Survival through moderation, or extinction through overindulgence?
We, the human species, have been around for a couple hundred thousand years. For most of our timespan, we’ve lived as hunter-gatherers in relative balance with our biotic communities. But around 10,000 years ago, when the planet warmed up at the end of the last Ice Age, we began to practice agriculture and thereafter collectively morphed into hierarchical societies that spread around the planet. Social hierarchy and economics became inextricably interlinked, and thus recent human cultures can be viewed through time as “haves and have-nots,” masters and slaves, privileged classes served by serfs, and divinely anointed monarchs lording it over entire populations and their habitats.
At this point in the 21st century, the “Divine Right of Kings” has transmogrified into the corporate right of first refusal. Economics based on endless, continuous growth empowers our cultural paradigm. Most of us are still serfs, although we have gained the right to vote, at least in nations that are ostensibly democracies. But in the main, it seems to me, most of those who run for public office dance to the endless drumbeat of a system of economics that so deafens them that they—and we—evade the profound reality that endless growth in a world of finite resources cannot be eternally sustained. Thus, ecological collapse is inevitable. As Ayn Rand pointed out, “We can evade reality, but we cannot evade the consequences of evading reality.”
Over three decades ago, I recorded Dave Foreman, a founder of Earth First!, who had previously worked for many years with environmental organizations to save wilderness areas. He summed up his thinking as follows:
I basically came to the conclusion that we were being co-opted by the establishment, that having influence and all made us moderate. We compromised more, thought about pragmatic politics instead of biocentric ethics. And so with several other people who had worked for the Friends of the Earth or the Wilderness Society, or who were active Sierra Club members, we decided that the time had come for an environmental group that wouldn’t compromise, that would base itself on ethics rather than pragmatics, and that would take strong action to try to stop the destruction of wilderness…
If you look at the human race, not as the consciousness of the Earth, but as the cancer of the Earth—that we’re a disease ecologically—maybe Nature has evolved some of us as antibodies. That’s the only way I can explain why some of us love wilderness and other people have no conception of it at all. And so, our role in the future, I think, is to try to preserve as many areas of natural diversity as possible… And hopefully also develop the ethics and the potential for a human society that can live in harmony with the rest of the planet after this industrial madness burns itself out. Those are the two things I’m trying to do in the long-term. One is to lay the groundwork for a human society in the future that is ecologically based, and the other is to preserve as much natural diversity now as we can.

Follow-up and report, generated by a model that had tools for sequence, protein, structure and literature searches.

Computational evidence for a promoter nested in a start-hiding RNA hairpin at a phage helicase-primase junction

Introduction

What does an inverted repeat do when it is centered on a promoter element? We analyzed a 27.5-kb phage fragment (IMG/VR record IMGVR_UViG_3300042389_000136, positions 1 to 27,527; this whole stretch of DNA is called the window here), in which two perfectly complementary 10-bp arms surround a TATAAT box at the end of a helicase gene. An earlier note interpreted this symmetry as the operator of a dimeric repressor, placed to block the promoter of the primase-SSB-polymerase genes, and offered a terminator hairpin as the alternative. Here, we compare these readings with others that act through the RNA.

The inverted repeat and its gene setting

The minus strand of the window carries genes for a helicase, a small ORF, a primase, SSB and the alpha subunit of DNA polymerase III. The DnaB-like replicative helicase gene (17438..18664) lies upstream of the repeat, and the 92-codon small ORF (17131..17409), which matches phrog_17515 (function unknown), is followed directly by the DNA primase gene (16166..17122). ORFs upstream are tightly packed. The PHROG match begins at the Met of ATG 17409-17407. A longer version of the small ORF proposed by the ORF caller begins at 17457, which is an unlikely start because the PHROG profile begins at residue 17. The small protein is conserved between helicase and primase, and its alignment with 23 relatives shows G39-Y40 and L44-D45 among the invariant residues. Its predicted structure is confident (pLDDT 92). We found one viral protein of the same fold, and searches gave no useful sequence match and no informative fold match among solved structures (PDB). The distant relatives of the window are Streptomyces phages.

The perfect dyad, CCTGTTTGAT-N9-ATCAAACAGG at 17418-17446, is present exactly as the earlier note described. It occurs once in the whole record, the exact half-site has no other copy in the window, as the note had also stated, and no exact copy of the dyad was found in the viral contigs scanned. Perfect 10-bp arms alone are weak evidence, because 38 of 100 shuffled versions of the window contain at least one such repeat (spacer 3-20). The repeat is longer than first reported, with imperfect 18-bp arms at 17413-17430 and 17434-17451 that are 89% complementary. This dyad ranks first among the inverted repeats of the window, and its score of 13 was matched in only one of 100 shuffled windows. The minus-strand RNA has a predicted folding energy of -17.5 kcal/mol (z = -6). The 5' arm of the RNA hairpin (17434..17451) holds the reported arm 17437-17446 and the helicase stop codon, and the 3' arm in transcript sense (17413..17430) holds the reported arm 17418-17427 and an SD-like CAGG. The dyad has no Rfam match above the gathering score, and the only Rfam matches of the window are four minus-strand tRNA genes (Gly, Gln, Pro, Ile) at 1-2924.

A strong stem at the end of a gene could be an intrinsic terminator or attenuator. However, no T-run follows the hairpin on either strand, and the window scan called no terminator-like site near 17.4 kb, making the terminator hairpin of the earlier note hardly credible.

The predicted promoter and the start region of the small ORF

Members of Earth First! were greatly inspired by Edward Abbey, whose literary works Desert Solitaire and The Monkey Wrench Gang invigorated a subculture to react against turning habitat into money, a prevailing tenet of the corporate will.
On New Year’s Day 1983, Ed and I returned from a camping trip in the Superstition Mountains to his writing cabin in the Sonoran Desert, where I recorded him thinking out loud:
I think by virtue of reason, common sense, the evidence of our good five bodily senses and daily experience, we can imagine a better way to live, with fairly simple solutions. Not easy—but simple. Beginning here in America—we should set the example. We have set the example by pillaging the planet, and we should set the example for preserving life, including human life. First, most important, reduce human numbers, gradually, by normal attrition, letting the senile old farts like you and me die off. Reduce the human population to a reasonable number—for the United States something like 100 million, or even 50 million, should be plenty. And then, second, simplify our needs and demands, so that we’re not preying to excess on other forms of life—plant life and animal life—by developing new attitudes, a natural reverence for all forms of life.”
These perspectives were voiced over 30 years ago by men who had become actively engaged in protecting homeland.
Early 20th-century America luxuriated in the fruits of the Industrial Revolution. But the stock market crash of 1929 was followed by the Great Depression that lasted until 1942, when the USA fully engaged in World War II. Sixteen years of cultural “tightened belt” set Americans up to sanction an economically dominated paradigm. World leaders met in Bretton Woods, New Hampshire, in 1944, just before the end of the war, to create an economic system that was to result in the World Bank and the Global Economy.
In 2013, I recorded Jerry Mander, author of The Capitalism Papers: Fatal Flaws of an Obsolete System. He told me:
Consumerism is what was going to save the economy. That was a conscious statement made during the 1950s post-Bretton Woods. Consumerism was going to be the answer. More and more products, more and more resources. There was not even the beginning of a thought about any limits to that potential. The environmental movement hadn’t really even begun yet in any meaningful way. There were individuals like Edward Abbey and people like that who were talking in environmental terms, but there was no movement, there was no conscious sense of limits to any of that. And it was all about economic growth and individual consumption and getting ahead and competition and investment and advancement in the corporate world.